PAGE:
Does Arsene know? Arsenal fans are losing trust in Le Professeur

Supporters have started questioning the Frenchman, so Duncan Castles looks at what the future holds.
Arsene Wenger, the manager of Arsenal, has a lot of work to do before the transfer window closes.
Arsene Wenger, the manager of Arsenal, has a lot of work to do before the transfer window closes.

Arsenal could easily have entered this season without Arsene Wenger as their manager. The saddest element is that many of the North London brethren who once revelled in the idea that "Arsene knows" would not have lamented his departure.

The exit would have been on Wenger's terms, the opportunity open to him to return to French football as either the technical director or manager of Paris Saint-Germain. There were several meetings with a club enriched by their new Qatari ownership, a vast budget to play with and an invitation to become PSG's driving force.

According to those involved in the negotiations, Wenger was sorely tempted by a door that still remains open to him. That the 61 year old chose to remain faithful to Arsenal, to continue his principle of never breaking a contract, was bold even for a man of his self-belief.

The club Wenger shaped into a seductive star of the Premier League era has slipped off their celestial axis. Deep-set issues (the manager's move toward youth recruitment and development as a solution to relative financial weakness) have turned Arsenal into a blue-chip feeder club in the eyes of their Champions League competitors and, more damagingly, their best players.

While Arsenal have remained both competitive and solvent through these hard times, the persistence of their challenge has worked against Wenger, rather than to his credit.

Always qualifying for the Champions League, and almost always coming close yet just missing out on silverware, has proved more frustrating to supporters than intermixing one off year with the self-assertion of an FA or League Cup success.

Further complicating Wenger's world is Stan Kroenke's takeover.

For as long as the American was held in a slow stand-off with Alisher Usmanov for the majority shareholding, Wenger was the de facto owner of Arsenal. There was no single individual with the real power to overturn his decisions.

When a director of football was sought to take on some of David Dein's duties, or a chief executive recruited to replace Keith Edelman, the Frenchman's opinion on the appointment were critical.

Now Wenger has a boss to answer to. If Kroenke emphasised his support for the manager as soon as he bought Arsenal, he is at liberty to overrule.

Tellingly, Wenger's insistence that Arsenal could not sell Samir Nasri and still be considered a big club has devolved towards the board's pragmatic stance that it is better to collect £22 million (Dh130.5m) for a player who's head is at Manchester City and will leave for nothing in a year's time.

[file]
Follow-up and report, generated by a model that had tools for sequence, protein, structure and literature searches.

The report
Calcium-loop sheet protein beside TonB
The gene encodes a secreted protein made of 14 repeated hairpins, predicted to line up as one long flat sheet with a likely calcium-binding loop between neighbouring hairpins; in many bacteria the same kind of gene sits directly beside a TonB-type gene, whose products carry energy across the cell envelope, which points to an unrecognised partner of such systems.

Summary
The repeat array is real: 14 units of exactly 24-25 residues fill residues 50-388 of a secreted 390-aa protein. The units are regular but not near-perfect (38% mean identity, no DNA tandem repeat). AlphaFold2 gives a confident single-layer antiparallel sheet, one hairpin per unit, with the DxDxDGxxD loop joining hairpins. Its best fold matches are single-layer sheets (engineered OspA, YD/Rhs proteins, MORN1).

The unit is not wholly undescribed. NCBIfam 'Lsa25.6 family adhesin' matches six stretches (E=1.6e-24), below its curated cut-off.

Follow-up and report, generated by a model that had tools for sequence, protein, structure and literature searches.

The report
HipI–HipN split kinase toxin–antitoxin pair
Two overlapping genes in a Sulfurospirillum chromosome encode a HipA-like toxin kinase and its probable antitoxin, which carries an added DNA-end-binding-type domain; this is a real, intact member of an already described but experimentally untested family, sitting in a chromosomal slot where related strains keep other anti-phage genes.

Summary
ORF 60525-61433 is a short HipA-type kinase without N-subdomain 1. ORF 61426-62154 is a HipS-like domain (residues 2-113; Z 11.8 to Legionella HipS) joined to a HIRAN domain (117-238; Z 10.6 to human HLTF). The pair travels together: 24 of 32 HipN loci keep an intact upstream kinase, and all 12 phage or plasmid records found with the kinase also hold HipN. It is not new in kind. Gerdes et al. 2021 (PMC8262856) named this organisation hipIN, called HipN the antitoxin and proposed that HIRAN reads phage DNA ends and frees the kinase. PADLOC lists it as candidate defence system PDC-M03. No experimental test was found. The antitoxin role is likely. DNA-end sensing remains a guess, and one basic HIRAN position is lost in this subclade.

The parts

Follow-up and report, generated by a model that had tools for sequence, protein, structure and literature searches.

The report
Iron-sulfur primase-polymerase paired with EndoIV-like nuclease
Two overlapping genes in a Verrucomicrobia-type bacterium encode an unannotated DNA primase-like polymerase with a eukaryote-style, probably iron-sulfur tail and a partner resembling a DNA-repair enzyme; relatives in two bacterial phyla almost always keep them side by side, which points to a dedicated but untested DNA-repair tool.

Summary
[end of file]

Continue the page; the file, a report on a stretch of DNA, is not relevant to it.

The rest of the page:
Mentally, Cesc Fabregas has also gone. Arsenal's captain has agreed to take a €5 million (Dh26.5m) hit on his wages at Barcelona to subsidise his escape to the Camp Nou.

He expects to fly to Catalonia today once enervating negotiations are completed.

Ironically, Arsenal owed Barcelona a percentage of the fee as part of the compensation package for poaching him from La Masia eight years ago.

Nasri played for France last week as his international coach talked of his hope the player would move clubs, and both midfielders were left out of the squad for yesterday's Premier League opener at Newcastle United.

Wenger's rebuilding efforts have bemused most in the game. No centre-back has been bought to bolster a defence facing a rough ride of early fixtures, though Everton expect an improved bid of £17m for Phil Jagielka.

Instead, Wenger has bought Carl Jenkinson, a teenage full-back from Charlton Athletic, Joel Campbell, a teenage striker from Costa Rica, and Alex Oxlade-Chamberlain, a teenage winger from Southampton for a startling fee of £12m rising to 14m. With the Ivory Coast forward Gervinho the sole experienced acquisition, it is not easy to detect sensible strategy in Wenger's trading.

Despite the Frenchman's protestations that no deal will be done, Valencia expect to sell him Juan Mata soon.

That may be because Wenger is considering something far bolder, a volte-face that could change the entire mood of the club. Arsenal are contemplating using Nasri as part exchange for Carlos Tevez. The Argentine's wages would be more than double any other player at the club, but he wants out of City and is the Premier League's most consistent goalscorer.

Such a deal has yet to be proposed to City, who are extremely unlikely to countenance allowing Tevez to join a direct competitor. Neither would it meet the striker's desire to live in a Latin-language country.

That the idea is even being discussed in Wenger's camp, though, underlines the sense of crisis at Ashburton Grove.

Published: August 14, 2011 04:00 AM


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